Help! I've Been Kidnapped by a Gang of Parrots!
by Tina Blue
December 18, 2000
I love animals. In fact, I love a lot more animals than I could possibly adopt, so I make a habit of visiting a nearby pet store to enjoy the company of creatures of many sorts.
One animal that I find particularly appealing is the parrot. It's not just that they are gorgeous, though they certainly are that, but they are also incredibly intelligent and have such charming, quirky personalities. But parrots are expensive, and they also require an environment and a type of care that I am not in a position to provide, so instead I just hang out with the parrots at the pet store.
A friend of mine once had a beautiful red parrot that used to play with her kitten. Instead of flying, the bird would chase after the kitten on foot, calling, "Come here, you little ba*tard!" The kitten would wait for the bird to get quite close, then spring into the air over his head and go racing off in the other direction.
At the pet store I frequent, there is a cockatoo that loves to play with clips in my hair. Normally I don't wear clips, but once I had pulled just my top hair back with one, and he had so much fun working it out that from then on I would always wear a clip whenever I visited him at the store.
One evening several weeks ago, a friend and I went to play with the parrots. My cockatoo buddy was sitting on the top edge (which would be about waist-high to me) at the far side of the Plexiglas parrot enclosure, with his back to us. I took the opportunity to admire the other two parrots before he came over to claim me and my hairclip.
One parrot, an African Gray, flapped his way up to the edge on the far side of the enclosure, also with his back to us. Neither he nor the cockatoo realized we were there. A green Amazon then tried to flap up to sit next to him, but his wings must have been recently clipped, because his efforts were futile. After several frustrating attempts to reach the edge, he gave up and turned in our direction.
Spotting me, he began to walk toward me across the bottom of the enclosure. As soon as he noticed me, his demeanor changed. Cocking his head to one side, he eyed me pointedly and lifted his right leg, muttering the whole time. After a moment he waddled forward a few steps, still eyeing me with his head cocked to one side. He stopped again and raised his leg for a moment before continuing toward me.
By the time he reached my side, his muttering had gotten louder. He was repeatedly lifting that one leg and obviously trying to persuade me to give him a lift up. I put my hand down and allowed him to climb aboard. I put him on the edge and stood there to have a chat with him.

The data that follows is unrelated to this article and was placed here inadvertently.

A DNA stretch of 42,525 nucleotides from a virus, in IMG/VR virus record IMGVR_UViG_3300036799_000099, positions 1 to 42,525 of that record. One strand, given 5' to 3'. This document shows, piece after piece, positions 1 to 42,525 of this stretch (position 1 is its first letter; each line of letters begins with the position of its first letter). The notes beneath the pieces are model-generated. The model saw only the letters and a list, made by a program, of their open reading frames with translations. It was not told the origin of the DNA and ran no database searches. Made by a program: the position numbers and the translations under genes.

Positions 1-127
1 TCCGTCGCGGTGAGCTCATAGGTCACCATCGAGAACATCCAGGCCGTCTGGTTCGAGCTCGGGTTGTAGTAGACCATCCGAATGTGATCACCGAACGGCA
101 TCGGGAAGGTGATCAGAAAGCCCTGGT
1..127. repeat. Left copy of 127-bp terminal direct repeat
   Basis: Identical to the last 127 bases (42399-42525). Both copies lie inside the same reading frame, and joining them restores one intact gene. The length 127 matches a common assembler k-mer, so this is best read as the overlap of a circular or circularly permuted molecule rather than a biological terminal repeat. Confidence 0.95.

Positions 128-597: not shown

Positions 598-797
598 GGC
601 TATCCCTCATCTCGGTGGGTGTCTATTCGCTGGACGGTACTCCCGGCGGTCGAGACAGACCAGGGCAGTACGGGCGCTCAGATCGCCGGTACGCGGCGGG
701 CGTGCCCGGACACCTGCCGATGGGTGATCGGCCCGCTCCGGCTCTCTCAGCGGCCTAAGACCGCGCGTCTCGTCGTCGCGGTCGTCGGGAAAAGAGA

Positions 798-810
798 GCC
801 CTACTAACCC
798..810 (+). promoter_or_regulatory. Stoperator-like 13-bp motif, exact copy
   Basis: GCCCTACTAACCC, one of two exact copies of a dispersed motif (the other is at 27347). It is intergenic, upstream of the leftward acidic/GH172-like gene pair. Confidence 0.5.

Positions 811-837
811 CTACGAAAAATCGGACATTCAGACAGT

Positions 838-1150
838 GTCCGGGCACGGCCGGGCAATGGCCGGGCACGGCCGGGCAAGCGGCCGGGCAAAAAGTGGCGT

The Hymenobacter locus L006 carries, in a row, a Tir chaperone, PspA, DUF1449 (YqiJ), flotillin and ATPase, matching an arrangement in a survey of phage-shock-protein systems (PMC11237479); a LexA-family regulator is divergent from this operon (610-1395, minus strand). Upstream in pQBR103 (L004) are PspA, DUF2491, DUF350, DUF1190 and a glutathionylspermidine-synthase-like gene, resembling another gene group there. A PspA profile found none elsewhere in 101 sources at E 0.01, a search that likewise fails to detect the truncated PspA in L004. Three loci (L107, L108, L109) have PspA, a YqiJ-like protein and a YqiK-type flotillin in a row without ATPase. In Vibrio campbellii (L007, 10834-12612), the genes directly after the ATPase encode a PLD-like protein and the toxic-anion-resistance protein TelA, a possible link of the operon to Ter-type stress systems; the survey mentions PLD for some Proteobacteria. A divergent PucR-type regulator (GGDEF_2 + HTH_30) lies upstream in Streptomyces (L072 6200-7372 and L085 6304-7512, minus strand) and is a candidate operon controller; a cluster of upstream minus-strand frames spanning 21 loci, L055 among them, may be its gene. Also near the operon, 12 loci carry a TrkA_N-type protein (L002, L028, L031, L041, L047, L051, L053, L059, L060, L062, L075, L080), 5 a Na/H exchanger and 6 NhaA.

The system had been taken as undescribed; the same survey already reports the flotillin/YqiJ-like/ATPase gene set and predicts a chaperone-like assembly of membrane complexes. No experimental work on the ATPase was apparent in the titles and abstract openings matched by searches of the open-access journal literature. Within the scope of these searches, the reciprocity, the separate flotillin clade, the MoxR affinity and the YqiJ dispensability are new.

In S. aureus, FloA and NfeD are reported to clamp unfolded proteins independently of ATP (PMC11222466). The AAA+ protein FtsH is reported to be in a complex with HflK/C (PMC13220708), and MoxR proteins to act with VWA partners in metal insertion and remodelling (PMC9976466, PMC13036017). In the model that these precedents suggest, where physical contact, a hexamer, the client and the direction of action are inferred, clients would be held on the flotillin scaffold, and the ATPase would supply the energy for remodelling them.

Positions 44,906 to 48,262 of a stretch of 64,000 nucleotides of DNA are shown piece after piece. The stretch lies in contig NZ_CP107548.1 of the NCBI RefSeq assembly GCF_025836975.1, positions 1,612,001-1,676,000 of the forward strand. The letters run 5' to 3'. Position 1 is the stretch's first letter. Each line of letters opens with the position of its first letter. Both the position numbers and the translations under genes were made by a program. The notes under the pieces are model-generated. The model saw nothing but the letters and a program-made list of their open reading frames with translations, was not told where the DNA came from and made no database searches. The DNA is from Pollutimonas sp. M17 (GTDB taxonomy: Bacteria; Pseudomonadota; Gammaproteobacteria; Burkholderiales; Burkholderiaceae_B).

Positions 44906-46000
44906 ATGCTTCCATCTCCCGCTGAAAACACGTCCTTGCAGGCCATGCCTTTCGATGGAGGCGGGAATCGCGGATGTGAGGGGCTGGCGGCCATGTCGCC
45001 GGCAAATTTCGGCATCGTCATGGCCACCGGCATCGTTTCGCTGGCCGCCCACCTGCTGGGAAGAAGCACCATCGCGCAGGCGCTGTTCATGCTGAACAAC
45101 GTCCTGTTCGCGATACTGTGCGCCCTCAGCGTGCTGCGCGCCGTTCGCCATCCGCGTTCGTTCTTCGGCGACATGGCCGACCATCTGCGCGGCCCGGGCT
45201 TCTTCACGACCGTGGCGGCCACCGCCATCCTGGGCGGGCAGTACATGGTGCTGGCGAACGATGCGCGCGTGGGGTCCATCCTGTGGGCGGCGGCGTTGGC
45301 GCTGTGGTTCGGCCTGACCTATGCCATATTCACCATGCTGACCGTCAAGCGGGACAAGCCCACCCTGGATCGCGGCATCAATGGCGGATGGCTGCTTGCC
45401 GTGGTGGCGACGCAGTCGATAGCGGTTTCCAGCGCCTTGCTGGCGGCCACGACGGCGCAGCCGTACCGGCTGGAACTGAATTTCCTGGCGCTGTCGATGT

But he'd evidently changed his mind about sitting on the edge like that, because he began to mutter at me again and to raise that same leg. "Okay, fella," I said, "come on up." I offered him my hand, and he immediately worked his way up my arm to my shoulder. I have very long hair, and parrots love to play with it. This guy acted as if he'd finally reached the Promised Land, flinging my hair every which way, burying his head in it, and then peeping out at my friend Michael, who was getting a big kick out of the performance.
The African Gray hadn't missed any of this, and he was clearly provoked by the Amazon's coup. He quickly sidled his way around to us and began to make obvious "Pick-me-up-too!" gestures. I offered him my other hand, and in an instant he had taken possession of my left shoulder and the hair on that side of my head.
That did it. My cockatoo pal, who considers my hair his hair, scooted over to us and asked to come up, too. I lifted him, and he hurried up to my right shoulder and started to crowd the Amazon, who scootched as far as he could onto the area at the base of my neck.
By this time I was beginning to feel as though the traffic had gotten a bit out of hand, so I tried to coax the African Gray back onto the wall of the enclosure. But he wasn't having any of that. Instead, he also moved part-way around to the base of my neck. It looked like the beginning of a turf-war, with me as the turf, so I asked Michael to start unloading parrots.
He coaxed the African Gray and the cockatoo back into the enclosure, putting them down quickly because they obviously had designs on him, as well. But the Amazon was no fool. He'd seen what had happened to the others once they'd accepted Michael's offer of a ride, so every time Michael reached for him, he scurried away--up one arm, across my shoulder and back, down the other arm, and then back in the opposite direction.
It took a couple of minutes for me to figure out that Michael was on the bird's side, not mine. He wasn't really trying to get him off me--he was amusing himself by encouraging the parrot to use me as a jogging track.
Meanwhile, the other two had hopped up to the edge of the enclosure and were signaling their eagerness to get in on the game. I had to insist that the Amazon be removed and replaced in the enclosure. Besides, it had been long enough that it was practically a miracle that he hadn't pooped on me yet.
When I mentioned that particular danger, Michael moved quickly to rescue me. Otherwise, who knows? He might have let them keep me.